Houseplans Blog

Rainwater Harvesting

Rainwater Harvesting
Check out this age-old practice.
Rainwater harvesting is an age-old practice that can supply your outdoor irrigation needs while reducing storm water runoff and reducing the demand for treated water. A 1,000 square-foot roof produces about 600 gallons of runoff for each inch of rain. You can estimate your annual water production by multiplying your square footage by the annual rainfall in your area. A water catchment system designed to meet your irrigation needs is easy to build. A system designed to supply potable water for your house is a bit more complicated and involves filtration, pumping and purification. In between are systems that supply irrigation needs outside and toilet and laundry needs inside. The example above is with Plan 935-13.

An outdoor irrigation system can be as simple as a rain barrel hooked up to your gutter system and a hose to direct the water to your plants. A well-designed system starts with a screen that prevents debris from entering the water supply. A first flush diverter is next (image below courtesy Park-usa-com).

The first rain of the year is the dirtiest as it cleans the roof; this plumbing fixture directs the initial water falling on your roof into the drain system. After the diverter 
float reaches the top, the balance of the water is directed into your storage tank. You can then distribute water as needed throughout the year (image below courtesy

To store the water, barrels should be made of an opaque material that inhibits algae and bacterial growth.  Plastic, metal or wood all work well. Some people love the look of a redwood tank similar to the ones found on old -fashioned train stations. Screens on downspouts are next and these along with tight fitting barrel tops

help prevent mosquito breeding. A good source of rainwater storage products, like the sampling shown here, is the website

To distribute water, locate your storage container uphill from your garden or fruit trees. A gravity fed system delivers an average of 5 psi. A drip system requires more pressure and a way to filter the water. Use a pressure sensitive pump and a micron filter to keep the system clean. For household use, you’ll need a way to get the water from the cistern to a supplemental tank located at the top of your house. If you intend the water for drinking and cooking, you’ll also need a filtration system and a way to purify the water. UV purification is the preferred system and eliminates up to 99.99% of bacteria and other contaminants. While whole house systems are not cheap, a small outdoor irrigation system can cost as little as a few hundred dollars. A larger system that covers all of your household needs including filtering and purification can cost upwards of $15,000 or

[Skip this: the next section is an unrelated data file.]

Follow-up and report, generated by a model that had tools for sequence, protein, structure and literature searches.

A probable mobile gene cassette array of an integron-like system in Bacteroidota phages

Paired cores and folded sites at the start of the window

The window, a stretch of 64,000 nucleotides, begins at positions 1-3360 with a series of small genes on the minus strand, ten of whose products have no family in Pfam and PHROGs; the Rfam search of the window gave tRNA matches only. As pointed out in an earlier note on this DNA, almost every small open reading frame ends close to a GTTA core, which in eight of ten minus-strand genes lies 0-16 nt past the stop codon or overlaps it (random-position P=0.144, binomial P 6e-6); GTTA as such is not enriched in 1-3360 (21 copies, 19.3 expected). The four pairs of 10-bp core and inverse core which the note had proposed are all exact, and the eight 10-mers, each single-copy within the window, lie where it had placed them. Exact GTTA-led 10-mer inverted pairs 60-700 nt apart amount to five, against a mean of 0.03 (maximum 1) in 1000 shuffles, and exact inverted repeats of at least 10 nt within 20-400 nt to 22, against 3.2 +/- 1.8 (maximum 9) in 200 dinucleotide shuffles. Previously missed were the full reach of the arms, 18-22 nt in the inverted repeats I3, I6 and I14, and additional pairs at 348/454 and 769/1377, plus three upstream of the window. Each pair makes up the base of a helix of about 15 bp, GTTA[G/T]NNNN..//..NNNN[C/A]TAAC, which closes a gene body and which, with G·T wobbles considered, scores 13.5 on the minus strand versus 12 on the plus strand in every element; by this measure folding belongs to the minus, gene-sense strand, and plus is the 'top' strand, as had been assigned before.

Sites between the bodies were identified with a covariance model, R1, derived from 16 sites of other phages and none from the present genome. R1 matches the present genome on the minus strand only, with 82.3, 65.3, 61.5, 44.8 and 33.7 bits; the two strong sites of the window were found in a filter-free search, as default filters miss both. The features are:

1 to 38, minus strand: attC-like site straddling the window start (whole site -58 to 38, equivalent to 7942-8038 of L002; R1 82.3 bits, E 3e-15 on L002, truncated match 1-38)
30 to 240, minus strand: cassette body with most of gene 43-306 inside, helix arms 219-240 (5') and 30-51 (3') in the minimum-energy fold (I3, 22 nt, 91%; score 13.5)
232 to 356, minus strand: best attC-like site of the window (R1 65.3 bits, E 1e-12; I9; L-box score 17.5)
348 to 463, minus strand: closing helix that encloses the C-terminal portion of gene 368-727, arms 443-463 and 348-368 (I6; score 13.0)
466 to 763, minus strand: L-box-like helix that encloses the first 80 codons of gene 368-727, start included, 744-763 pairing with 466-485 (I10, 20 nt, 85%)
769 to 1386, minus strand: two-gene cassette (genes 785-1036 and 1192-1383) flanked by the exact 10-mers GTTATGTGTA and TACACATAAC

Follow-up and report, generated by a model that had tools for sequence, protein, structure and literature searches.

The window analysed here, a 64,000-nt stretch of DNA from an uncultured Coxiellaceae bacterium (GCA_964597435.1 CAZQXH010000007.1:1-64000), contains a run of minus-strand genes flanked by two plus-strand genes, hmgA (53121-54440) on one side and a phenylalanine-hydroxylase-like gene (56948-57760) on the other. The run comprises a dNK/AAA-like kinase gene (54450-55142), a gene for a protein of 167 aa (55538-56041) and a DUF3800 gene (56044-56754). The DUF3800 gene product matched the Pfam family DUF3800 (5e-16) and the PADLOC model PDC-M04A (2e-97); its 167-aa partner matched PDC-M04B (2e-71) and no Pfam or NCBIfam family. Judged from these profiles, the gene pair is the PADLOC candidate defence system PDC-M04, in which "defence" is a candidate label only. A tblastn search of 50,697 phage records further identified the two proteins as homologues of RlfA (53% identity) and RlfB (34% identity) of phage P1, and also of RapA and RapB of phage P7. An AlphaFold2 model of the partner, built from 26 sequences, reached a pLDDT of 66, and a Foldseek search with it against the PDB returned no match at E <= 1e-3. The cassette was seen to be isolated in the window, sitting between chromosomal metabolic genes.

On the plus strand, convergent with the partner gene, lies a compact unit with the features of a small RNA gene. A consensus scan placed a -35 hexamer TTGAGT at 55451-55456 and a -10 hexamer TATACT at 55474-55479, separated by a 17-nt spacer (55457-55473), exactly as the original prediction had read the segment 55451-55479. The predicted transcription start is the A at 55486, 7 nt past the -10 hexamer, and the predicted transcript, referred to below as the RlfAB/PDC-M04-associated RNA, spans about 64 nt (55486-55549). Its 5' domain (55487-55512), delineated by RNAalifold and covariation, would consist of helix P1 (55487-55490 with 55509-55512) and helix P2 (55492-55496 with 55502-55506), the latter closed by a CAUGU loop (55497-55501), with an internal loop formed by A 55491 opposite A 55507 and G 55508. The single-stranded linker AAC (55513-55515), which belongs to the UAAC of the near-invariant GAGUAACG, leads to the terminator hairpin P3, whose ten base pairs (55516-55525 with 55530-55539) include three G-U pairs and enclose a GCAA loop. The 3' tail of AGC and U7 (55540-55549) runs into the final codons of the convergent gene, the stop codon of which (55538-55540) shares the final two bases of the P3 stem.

more. For helpful information on the wide range of rainwater harvesting products and procedures, visit (image above courtesy Rainbank). Other good information sources are Earthcraft Landscape Design, a company that specializes in the design of rainwater harvesting systems, and ARCSA, the American Rainwater Catchment Systems Association.

A well functioning system requires periodic maintenance. Gutters and downspouts need to be kept free of leaves and debris. First flush water needs draining from time to time and if water is used as drinking water, occasional testing is required to ensure consistent quality is maintained.

Check Regulations
State laws regarding rainwater catchment vary from state to state and even from municipality to municipality. Some states, such as Virginia, are encouraging rainwater catchment and have established the Alternative Water Supply Assistance Fund, providing income tax credit to individuals and corporations installing rainwater harvesting systems. While other states such as Colorado are more concerned with historically established water rights and only allow catchment systems with a maximum capacity of 110 gallons per household.  It is best to check your own state laws regarding rainwater harvesting before investing in a system. A water catchment system is a great way to bring your home and garden more in concert with nature and a great way to reduce your water and energy needs.

Now what about roofs that can provide the runoff? Metal roofs make especially good conduits for rainwater,

as you can see in Plan 479-11, above, by Peter Brachvogel and Stella Carosso, and Plan 454-14 by Sarah Susanka and Tina Govan, below.

For a collection of house plans that includes a variety of designs with metal roofs click here.

Rainwater Harvesting Inspiration

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